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    “I’m worried for future songwriters – things need to change”

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    RAYE has spoken out about the challenges facing young songwriters, and what needs to change with major labels in the shifting musical landscape.

    The singer made headlines when she parted ways with Polydor Records last year after claiming that the label had refused to release her debut album, despite signing a four-album deal in 2014.

    Speaking on the red carpet at last week’s Ivor Novellos – where she was nominated for Songwriter Of The Year among the likes of Adele, Dave and Coldplay – the singer told NME that she had “found peace” with her former label, but that many more changes were still needed in the music industry to make songwriters feel valued and financially stable.

    “Songwriting is a craft that people don’t see, because it’s done in the darkness in studios and behind closed doors,” said RAYE. “I don’t think people realise how essential songwriters are in an industry based on songs.

    “Things need to be put in place to protect our future songwriters – to nurture them and make them feel special and important.”

    Mighty Hoopla Raye
    Raye at Mighty Hoopla 2021 CREDIT: Luke Dyson

    The singer told NME that the shortlist for her category at the Ivors proved that there was “an openness that there hasn’t been before in styles, flavours, genres and different types of expression” in modern music, and how the major label model needed to respond to this.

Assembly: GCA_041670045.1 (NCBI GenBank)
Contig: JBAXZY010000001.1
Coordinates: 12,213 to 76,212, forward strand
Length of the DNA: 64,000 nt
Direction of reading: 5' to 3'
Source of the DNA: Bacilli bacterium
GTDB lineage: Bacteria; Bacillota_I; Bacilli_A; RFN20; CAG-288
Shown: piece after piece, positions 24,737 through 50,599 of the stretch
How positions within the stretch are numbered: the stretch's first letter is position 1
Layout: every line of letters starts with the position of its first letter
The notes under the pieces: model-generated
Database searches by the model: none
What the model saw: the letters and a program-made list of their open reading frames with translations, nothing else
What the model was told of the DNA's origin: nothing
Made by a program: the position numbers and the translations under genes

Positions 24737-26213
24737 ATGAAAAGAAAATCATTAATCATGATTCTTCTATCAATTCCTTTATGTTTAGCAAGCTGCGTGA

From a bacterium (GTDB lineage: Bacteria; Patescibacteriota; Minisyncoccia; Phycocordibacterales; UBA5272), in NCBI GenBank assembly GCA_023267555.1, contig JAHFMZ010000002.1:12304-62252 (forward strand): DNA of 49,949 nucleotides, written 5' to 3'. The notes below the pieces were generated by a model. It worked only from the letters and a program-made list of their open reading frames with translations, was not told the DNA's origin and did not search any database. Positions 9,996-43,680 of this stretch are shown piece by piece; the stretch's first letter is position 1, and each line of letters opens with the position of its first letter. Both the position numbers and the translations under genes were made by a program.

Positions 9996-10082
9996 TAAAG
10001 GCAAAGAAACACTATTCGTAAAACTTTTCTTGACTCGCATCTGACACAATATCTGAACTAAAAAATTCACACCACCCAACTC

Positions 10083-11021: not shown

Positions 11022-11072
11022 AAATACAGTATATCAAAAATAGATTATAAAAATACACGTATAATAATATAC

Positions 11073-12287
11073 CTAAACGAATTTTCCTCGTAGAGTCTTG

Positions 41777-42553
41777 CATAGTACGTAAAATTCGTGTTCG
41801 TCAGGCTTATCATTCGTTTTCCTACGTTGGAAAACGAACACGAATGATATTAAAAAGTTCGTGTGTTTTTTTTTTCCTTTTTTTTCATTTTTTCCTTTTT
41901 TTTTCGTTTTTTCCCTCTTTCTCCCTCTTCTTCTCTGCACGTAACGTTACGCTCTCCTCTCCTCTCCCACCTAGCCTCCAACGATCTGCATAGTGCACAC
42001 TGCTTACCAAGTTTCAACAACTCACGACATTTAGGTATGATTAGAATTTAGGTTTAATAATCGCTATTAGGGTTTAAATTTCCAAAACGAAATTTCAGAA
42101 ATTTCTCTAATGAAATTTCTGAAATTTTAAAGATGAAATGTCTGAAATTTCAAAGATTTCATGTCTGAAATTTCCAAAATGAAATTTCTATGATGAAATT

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    “For the first time, we’re seeing that the ‘we need a hit’ model is fading,” she said. “It doesn’t work anymore. I think major labels are realising that you can’t blackmail the system anymore. You used to be able to slap a bag of money down on the table and be like, ‘Play my artist’. That’s how it used to work.

    “Streaming has taken over and now the people decide. That’s what is opening the market to different flavours of excellence to be shining through.”

    Admitting that “there are things that need to change and need to happen,” she said that she was “honestly worried for the future of songwriting and for those little girls and boys [coming into the craft]”.

    “I remember how dark and hard it was in those early days when no-one cared and you hadn’t done enough to demand any respect,” she said. “There need to be things put in place. At the very bare minimum, a fee. Food, drink and travel should be covered  – and it’s not. That’s coming out of a songwriter’s pocket. You don’t get a fee if the song gets cut, because major labels will pay the producer, but they don’t pay the songwriter.”

    RAYE ended with words of advice for rising and would-be songwriters: “I wouldn’t even want to encourage songwriters to get into this industry, that’s how wrong I think some things are. But when you love it the way I do, you’re able to make it work somehow. I would say to any budding songwriters: strap in, record everything on voice notes, screenshot dates, keep evidence.

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    “If everyone tries to come in and take your split, you’ll have all of the evidence you need to show your contribution.”

    RAYE performs live in 2019. CREDIT: Carla Speight/Getty Images for Bauer Media

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    In a post announcing her independence last year, RAYE said: “Polydor are an incredible infrastructure power house team, unfortunately we have had different goals artistically and I am very grateful to them for giving me a graceful smooth exit to start my next chapter as an artist.”

    Earlier this year, she teamed up with Disclosure for the collaborative single ‘Waterfall‘. News of her debut album proper is expected in the coming months.

    By: IMN Music News

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